# Abstract algebra isomorphic

## Homework Statement

If a and g are elements of a group, prove that C(a) is isomorphic to C(gag-1)

## Homework Equations

I have defined to mapping to be f:C(gag-1) to C(a) with f(h)=g-1hg.
I have no idea if this is right.

## The Attempt at a Solution

I don't have a clue at the solution, any help would be greatly appreciated.

forgot to mention, that C(a) and C(gag^-1) means the centralizer of a and the centralizer of gag^-1. The centralizer of a is the set of all elements in G that commute with a.

Hurkyl
Staff Emeritus
Gold Member
I have no idea if this is right.
Have you tried proving it's an isomorphism? Or at least stating what that would mean?

here is my new attempt at the solution:
1. Mapping: F:C(gag^-1) to C(a) is obviously a well defined function with f(h)=g^-1hg.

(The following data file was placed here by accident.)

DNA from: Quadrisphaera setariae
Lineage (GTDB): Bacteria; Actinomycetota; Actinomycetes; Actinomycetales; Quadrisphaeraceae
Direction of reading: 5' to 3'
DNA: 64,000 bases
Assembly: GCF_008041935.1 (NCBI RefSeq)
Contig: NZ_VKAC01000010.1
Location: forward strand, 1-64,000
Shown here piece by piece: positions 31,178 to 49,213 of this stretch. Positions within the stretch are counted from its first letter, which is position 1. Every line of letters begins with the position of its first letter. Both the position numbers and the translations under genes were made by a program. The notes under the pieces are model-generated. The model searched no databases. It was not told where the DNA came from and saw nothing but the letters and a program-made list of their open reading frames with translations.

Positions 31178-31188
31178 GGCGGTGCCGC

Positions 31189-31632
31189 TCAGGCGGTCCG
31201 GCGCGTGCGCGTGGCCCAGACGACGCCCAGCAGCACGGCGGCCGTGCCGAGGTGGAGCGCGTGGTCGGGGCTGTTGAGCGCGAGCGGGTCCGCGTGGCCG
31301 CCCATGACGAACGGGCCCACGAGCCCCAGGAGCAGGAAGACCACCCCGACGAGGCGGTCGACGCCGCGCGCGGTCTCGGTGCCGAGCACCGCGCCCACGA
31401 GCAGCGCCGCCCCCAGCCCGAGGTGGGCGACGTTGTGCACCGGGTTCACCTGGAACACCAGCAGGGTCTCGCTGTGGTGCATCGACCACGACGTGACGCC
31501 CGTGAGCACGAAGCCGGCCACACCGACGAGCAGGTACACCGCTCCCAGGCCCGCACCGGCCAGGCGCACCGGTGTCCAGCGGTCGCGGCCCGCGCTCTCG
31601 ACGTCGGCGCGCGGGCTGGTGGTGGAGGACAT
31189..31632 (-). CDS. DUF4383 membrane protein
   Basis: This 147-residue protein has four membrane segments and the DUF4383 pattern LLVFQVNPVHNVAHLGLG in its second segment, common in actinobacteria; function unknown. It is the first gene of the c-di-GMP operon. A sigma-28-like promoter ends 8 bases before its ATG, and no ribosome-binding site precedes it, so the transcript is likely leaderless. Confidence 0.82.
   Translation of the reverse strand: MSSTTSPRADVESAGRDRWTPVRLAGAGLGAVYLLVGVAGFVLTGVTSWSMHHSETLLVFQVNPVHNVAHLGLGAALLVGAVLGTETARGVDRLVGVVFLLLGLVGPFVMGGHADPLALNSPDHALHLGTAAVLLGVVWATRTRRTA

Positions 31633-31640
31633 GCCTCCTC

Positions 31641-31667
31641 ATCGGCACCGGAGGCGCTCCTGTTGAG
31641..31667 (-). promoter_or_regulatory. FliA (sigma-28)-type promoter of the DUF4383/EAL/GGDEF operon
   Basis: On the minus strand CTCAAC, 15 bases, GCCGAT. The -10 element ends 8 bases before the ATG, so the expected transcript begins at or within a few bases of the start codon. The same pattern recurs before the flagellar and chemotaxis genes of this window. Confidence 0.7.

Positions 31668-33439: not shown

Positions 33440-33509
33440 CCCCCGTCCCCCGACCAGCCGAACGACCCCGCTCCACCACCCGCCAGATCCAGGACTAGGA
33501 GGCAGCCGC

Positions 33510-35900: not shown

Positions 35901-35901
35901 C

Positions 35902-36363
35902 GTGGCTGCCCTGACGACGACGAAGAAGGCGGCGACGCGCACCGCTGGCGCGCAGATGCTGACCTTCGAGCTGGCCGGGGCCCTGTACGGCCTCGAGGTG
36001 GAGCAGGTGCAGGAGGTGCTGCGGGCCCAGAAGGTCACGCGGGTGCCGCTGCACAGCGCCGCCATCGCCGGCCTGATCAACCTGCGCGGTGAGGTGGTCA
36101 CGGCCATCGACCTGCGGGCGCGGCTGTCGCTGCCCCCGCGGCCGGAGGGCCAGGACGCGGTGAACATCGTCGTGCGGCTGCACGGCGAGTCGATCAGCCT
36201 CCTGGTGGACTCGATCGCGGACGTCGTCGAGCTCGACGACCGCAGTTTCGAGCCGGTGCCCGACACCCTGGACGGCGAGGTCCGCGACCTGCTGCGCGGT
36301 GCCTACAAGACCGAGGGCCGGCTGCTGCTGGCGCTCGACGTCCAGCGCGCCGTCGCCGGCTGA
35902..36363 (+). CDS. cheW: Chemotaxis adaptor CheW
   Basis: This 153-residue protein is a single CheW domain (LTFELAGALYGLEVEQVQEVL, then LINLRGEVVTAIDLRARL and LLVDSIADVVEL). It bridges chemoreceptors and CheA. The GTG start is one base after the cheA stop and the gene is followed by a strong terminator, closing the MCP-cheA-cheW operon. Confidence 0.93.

2. One to one- Let h and l be elements of C(gag^-1). Then by definition of f, g^-1hg=g^-1lg, this h=l by left and right cancellation laws.
3. Onto- let k=gmg^-1 that is an element of C(a). Let p=m. Obviously p is an element of C(gag^-1). Then f(p)=f(m)=gmg^-1. Thus f is onto.
4. Operation oreservation
Let r,s be elements of C(gag^-1). Then f(r*s)=(g^-1)*r*s*g= (g^-1)*r*e*s*g *(e=identity element)=(g^-1)*r*g*(g^-1)*s*g=((g^-1)*r*s)*((g^-1)*s*g)(associativity of operation)=f(r)*f(s).
Thus f preserves the operation and C(a) and C(gag^-1) are isomorphic.
Does this sound any better.

Hurkyl
Staff Emeritus
Gold Member
My issues:

1. To be a well-defined function C(gag-1) -> C(a), the relation you defined
f(h) = g-1hg​
has to have two properties:
• It must be a function
• C(a) contains the image of C(gag-1)
I will agree that it's obviously one-to-one. I suspect your professor would prefer more justification on the second part.
2. This is more-or-less fine. I think you forgot a phrase like "such that f(h)=f(l)" somewhere, though.
3. I'm really confused about what you're doing here. (Also, I suspect your professor would prefer "obviously" to be replaced with something more details)
4. This is good.

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